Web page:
Vazquez: A boycott of Beijing Olympic would be 'serious error'
BEIJING -- The head of an organization that oversees 205 national Olympic committees said politicians who encourage a boycott or partial boycott of the Beijing Games are making "a serious error."
Mario Vazquez Rana, the president the Association of National Olympic Committees, and the International Olympic Committee are holding meetings over the next few days in China's capital.
"Any politician who is pushing for a boycott is committing a serious error," Vazquez said Saturday. "For me a total boycott, a partial boycott, is totally out of the question."
French President Nicolas Sarkozy has not ruled out the possibility he might boycott the opening ceremony if China continues its crackdown in Tibet. In Saturday editions of Le Monde, one of his Cabinet ministers outlined changes needed for Sarkozy to take part in the Aug. 8 ceremony, but later denied using the word "conditions."
Le Monde had quoted Human Rights Minister Rama Yade as saying, "Three conditions are essential for him to attend: an end to violence against the population and the liberation of political prisoners; light shed on the events in Tibet; and the opening of a dialogue with the Dalai Lama."
French Foreign Minister Bernard Kouchner told France-2 television that Sarkozy's options were still open, and any decision would be based on how the situation evolves in Tibet. He added that France had set no conditions for Sarkozy's attendance at the ceremony.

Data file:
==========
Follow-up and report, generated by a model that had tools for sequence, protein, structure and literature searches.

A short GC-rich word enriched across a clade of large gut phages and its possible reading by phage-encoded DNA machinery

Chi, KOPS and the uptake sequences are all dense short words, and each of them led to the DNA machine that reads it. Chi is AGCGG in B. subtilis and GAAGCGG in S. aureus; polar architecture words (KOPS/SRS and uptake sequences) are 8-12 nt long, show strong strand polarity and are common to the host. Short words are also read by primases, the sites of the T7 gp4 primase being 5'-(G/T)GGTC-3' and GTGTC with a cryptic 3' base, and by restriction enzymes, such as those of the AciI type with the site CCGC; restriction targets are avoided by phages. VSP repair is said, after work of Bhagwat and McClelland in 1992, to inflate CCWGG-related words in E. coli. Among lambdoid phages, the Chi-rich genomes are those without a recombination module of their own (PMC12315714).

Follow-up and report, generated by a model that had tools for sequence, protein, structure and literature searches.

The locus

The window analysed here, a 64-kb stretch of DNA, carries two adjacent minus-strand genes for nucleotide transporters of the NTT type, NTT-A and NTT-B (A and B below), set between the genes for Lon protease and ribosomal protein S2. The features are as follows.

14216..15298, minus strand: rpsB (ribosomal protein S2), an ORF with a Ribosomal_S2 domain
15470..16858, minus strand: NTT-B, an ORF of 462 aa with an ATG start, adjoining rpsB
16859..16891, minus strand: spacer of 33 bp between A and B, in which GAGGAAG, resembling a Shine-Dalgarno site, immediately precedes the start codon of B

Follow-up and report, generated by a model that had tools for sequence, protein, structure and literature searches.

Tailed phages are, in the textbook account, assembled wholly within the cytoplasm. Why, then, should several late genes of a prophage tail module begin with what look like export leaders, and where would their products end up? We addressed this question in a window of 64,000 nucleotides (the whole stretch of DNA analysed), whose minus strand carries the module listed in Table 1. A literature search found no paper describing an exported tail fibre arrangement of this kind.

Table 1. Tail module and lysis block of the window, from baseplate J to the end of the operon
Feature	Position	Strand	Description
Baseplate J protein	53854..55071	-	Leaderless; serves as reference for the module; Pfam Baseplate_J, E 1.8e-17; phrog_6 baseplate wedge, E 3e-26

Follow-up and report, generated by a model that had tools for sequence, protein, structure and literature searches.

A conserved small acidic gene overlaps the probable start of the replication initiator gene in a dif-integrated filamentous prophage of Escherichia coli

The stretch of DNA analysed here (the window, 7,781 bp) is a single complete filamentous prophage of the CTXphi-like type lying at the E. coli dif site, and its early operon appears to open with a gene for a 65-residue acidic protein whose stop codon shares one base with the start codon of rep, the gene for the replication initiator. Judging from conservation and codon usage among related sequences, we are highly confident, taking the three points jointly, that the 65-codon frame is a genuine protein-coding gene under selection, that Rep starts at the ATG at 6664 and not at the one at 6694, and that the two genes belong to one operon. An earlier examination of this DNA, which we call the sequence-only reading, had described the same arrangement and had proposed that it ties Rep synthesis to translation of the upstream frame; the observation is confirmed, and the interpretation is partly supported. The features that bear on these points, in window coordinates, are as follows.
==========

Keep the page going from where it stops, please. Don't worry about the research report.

Rioting last month in Tibet has thrown a spotlight on China's human rights record, prompting protests along the torch relay. It has turned the run-up to the Olympics into a stage for groups with grievances against China's communist government.
Vazquez took the same line offered Thursday by Hein Verbruggen, who heads a team of IOC inspectors that are making their last official visit to Beijing before the games. An IOC member, Verbruggen was critical of politicians who call for boycotts, saying the IOC is a sports organization -- not a political one.
"This (Tibet) is a Chinese problem and China will have to deploy all its ability and experience to solve its problem," Vazquez said. "Nobody should use the games as a way to solve this problem."
The Chinese government said 22 people died in violence stemming for the riots in Tibet. Tibet's government in exile said 140 died.
"I'm very sincerely sorry for what has happened in Tibet, but we must say that this is not an issue for the Olympic Games," Vazquez said.
Copyright 2008 by The Associated Press
This story is from ESPN.com's automated news wire. Wire index